This is because of a small configuration flag that can be set either on
high to determine how to use the GPU. You can grab the current status of that flag via the following command (Make sure to become root):
You can also get a full output of your current GPU status via:
For me, right now it gives me the following parameters about my GPU:
GFX Clocks and Power:
300 MHz (MCLK)
377 MHz (SCLK)
600 MHz (PSTATE_SCLK)
1000 MHz (PSTATE_MCLK)
750 mV (VDDGFX)
30.101 W (average GPU)
Now, let us set it on
echo high > /sys/class/drm/card0/device/power_dpm_force_performance_level
And see the huge difference:
GFX Clocks and Power: 1750 MHz (MCLK) 1360 MHz (SCLK) 600 MHz (PSTATE_SCLK) 1000 MHz (PSTATE_MCLK) 1131 mV (VDDGFX) 46.154 W (average GPU)
The performance effect in games can sometimes reach 100 FPS because of this. However, you shouldn’t always leave your GPU on
high, as it drains unnecessary power. When you don’t need it, turn it back to
echo auto > /sys/class/drm/card0/device/power_dpm_force_performance_level
I think similar thing happens too for NVIDIA and Intel cards, but I didn’t research about them as I have no hardware to test on. You should search about that yourself if you have cards from them.
This can be strange, but the desktop environment you are using can also affect your gaming performance.
XFCE for example is a very gorgeous desktop, but XFCE suffers a very serious bug that causes it to lose so many frames compared to other desktop environments when running games. I still don’t know about the reason or the cause behind this, but people have been recommending turning compositing off when playing games, which isn’t really a nice thing to do every time.
A good user on Reddit took the matter further, and provided a detailed benchmark of his tests for games on various desktop environments. Cinnamon and XFCE were the worst ones for gaming in terms of results:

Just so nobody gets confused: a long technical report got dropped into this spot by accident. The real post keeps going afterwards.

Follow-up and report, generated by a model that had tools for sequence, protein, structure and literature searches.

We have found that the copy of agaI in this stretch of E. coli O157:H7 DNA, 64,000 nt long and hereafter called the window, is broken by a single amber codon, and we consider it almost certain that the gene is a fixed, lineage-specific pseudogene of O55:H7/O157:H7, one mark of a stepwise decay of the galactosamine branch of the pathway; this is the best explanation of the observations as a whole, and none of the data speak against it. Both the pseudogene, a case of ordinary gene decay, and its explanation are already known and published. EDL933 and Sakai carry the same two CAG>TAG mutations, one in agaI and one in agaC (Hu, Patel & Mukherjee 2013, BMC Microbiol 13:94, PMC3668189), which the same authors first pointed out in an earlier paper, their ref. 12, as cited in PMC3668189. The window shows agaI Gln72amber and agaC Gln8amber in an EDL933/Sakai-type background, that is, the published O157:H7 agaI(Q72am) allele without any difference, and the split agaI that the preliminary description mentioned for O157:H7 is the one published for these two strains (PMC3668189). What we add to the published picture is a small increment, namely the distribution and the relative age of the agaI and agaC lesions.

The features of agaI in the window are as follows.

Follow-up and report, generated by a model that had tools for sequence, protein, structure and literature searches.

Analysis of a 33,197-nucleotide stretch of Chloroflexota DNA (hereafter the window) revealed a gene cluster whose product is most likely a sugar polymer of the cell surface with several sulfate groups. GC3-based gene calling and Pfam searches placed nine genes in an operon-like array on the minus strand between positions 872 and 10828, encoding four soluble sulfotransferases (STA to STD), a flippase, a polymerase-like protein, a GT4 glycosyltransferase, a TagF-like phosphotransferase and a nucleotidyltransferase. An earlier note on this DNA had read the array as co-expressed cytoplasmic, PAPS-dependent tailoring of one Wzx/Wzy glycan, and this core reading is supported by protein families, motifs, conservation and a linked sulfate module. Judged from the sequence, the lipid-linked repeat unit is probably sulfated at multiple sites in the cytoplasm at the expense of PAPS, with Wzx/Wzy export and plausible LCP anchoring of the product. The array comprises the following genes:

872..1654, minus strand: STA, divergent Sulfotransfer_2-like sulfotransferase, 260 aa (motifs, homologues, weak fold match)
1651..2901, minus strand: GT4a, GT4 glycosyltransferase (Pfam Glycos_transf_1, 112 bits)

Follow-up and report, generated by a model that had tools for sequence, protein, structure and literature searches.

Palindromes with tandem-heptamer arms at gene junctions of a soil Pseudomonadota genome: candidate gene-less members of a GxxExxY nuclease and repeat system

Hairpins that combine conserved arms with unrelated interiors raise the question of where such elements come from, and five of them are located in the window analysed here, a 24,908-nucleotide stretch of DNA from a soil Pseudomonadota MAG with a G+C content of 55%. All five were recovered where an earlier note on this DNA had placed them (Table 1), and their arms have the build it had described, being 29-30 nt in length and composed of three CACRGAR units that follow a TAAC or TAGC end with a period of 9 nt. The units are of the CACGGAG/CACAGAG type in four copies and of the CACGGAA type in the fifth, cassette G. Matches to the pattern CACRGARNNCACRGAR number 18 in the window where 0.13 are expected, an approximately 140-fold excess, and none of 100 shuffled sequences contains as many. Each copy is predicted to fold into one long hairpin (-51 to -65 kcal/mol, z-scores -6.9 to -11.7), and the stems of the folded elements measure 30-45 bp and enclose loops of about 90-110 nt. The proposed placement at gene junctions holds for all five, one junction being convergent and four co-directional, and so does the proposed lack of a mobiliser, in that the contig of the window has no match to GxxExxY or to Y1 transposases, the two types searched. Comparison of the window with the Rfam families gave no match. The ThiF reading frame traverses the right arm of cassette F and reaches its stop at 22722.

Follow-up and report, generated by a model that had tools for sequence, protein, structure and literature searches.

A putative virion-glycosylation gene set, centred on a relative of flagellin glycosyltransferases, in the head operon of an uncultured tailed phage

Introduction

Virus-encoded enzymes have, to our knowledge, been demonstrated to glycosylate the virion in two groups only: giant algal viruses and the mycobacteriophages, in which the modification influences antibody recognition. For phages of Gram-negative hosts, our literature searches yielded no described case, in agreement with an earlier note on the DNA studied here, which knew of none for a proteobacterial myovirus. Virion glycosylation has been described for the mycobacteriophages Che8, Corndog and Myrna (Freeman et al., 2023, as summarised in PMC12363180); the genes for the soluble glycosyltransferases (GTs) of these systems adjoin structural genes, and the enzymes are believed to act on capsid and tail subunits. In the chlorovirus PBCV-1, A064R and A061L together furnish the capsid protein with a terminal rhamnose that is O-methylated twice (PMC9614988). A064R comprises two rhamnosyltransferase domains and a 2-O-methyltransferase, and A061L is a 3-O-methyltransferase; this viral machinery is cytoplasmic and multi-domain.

So make sure your desktop environment is correctly configured and isn’t affecting your gaming experience.
So we have reached the end of our post. The Linux gaming performance is OK compared to Windows after applying those tips, but the sad reality is that still in 2020, as Linux users, we have to dig our own roads and do our own experiments in order to reach a satisfying performance we can live with. While on Windows, an average user simply installs the drivers and runs whatever games he/she wants.
This is mainly because of the small userbase of Linux, which may not exceed %1 of all operating systems users. Vendors see very little in value return compared to what they’ll need to invest to fully support Linux and its drivers. Perhaps they are right, if we are looking at it from a business point of view, and perhaps they are wrong, if we look into it from a customer point of view.
In anyway, the gaming experience on Linux is becoming better and better. NVIDIA drivers 10 years ago sucked hardly, and Optimus technology wasn’t fully supported. AMD (or ATi back then) had horrible bugs in their drivers too, but all of that is getting better, as we enter a new decade of better support for our favorite OS choice.
If you have any gaming experiences on Linux, I would love to hear about them in the comments below.